My legs opened up and the air settled with the sun near extinguished, a golden hour the West does so well, and I found a path split through the grass. From a distance it seemed like singletrack but quickly revealed itself to be bison track. The hoof indentures and their jolts soon let out to rocky surfaces, cracked earth about wind swept stone crests.

It’s another planet.

No, this planet. I’ve fallen from time. Sage air, rocks burnt slick as glass.

Though maybe a half mile from the road, being lost seemed imminent. Carefully I worked my way back, found the bison’s clean middle parting in the grass. On the other side of the road I sat under a formation, bike on dirt, caught my breath in the violet hour, decided to stay camped where I was and ride wherever I could.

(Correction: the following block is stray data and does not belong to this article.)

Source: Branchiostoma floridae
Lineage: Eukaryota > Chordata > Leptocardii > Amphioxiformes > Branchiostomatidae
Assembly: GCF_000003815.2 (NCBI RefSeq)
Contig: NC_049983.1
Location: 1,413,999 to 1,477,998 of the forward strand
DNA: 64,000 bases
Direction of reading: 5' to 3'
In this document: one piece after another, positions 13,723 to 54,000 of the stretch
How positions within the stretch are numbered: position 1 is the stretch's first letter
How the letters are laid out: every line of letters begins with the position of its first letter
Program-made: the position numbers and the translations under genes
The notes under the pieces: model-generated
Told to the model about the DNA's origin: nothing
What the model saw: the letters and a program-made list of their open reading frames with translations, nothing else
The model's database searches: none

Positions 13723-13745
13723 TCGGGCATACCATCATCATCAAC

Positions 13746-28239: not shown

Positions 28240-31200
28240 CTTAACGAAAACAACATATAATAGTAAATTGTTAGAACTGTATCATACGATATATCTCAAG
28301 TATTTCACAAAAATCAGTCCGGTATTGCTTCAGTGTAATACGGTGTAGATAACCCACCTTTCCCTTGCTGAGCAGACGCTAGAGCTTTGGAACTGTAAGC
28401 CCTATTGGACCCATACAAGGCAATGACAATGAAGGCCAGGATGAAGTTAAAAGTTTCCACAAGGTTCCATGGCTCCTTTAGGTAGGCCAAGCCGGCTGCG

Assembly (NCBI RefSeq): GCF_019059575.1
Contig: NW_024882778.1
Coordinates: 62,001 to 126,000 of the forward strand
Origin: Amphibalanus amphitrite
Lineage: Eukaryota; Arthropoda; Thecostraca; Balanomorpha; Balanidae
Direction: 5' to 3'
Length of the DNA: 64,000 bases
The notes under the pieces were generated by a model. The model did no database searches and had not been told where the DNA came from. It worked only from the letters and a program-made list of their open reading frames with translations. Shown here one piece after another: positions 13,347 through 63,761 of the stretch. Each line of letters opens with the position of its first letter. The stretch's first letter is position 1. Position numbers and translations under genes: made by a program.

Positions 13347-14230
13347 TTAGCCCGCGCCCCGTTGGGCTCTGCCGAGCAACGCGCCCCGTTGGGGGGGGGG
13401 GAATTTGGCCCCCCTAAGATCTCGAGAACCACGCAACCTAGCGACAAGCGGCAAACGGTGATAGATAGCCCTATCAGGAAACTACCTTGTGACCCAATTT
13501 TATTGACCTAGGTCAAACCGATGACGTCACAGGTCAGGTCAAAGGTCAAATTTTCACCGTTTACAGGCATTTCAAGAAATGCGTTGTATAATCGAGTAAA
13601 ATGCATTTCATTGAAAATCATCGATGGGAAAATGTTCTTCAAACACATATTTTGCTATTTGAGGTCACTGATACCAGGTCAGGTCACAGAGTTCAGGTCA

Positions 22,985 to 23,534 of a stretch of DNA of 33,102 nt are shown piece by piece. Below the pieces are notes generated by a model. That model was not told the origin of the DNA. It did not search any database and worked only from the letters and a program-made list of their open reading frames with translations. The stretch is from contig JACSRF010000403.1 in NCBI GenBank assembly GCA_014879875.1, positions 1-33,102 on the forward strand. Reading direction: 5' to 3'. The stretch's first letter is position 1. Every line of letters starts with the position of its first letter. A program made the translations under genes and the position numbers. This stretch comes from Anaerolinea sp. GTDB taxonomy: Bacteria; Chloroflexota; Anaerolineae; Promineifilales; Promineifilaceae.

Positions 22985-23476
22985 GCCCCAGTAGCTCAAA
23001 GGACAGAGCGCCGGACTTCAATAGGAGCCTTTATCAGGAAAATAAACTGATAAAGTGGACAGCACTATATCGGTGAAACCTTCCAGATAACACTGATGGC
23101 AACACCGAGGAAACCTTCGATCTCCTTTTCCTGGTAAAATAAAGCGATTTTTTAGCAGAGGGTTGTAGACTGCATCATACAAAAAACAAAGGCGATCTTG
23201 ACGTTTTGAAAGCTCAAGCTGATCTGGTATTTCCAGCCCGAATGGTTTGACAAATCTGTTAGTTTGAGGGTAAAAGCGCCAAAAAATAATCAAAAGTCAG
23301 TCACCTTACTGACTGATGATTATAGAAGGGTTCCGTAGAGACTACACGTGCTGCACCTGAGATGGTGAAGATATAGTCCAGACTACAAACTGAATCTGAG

I started out to the South Rim early. The US Government made it bombing range but it was home, a place belonging to a a people. It sits in the Pine Ridge Reservation, stretches almost to Wounded Knee. In high school history I learned barbed wire was invented in DeKalb, IL, a suburb of Chicago, depending on who you ask. Somewhere I remember hearing without it there is no frontier, and thus no suburb.

At the exit from the park towards Scenic, the faintest trace of path appeared along the wire dividing the Badlands from the rest of us. Still overcast out, and beneath me mumbled the tangle of prairie plants so distinct from the green fields of corn or soy beyond the barbs. The tracks faded and I stopped just short of the cliff’s edge, the heard of buffalo suddenly looming.

Soon after a rancher slowed for me as I ground on, the clouds gone and the wind on the gravel road without pause.

Y’alright? You set up for water and stuff? I nodded quick, smiled. I rose through the cracked earth, I curved down.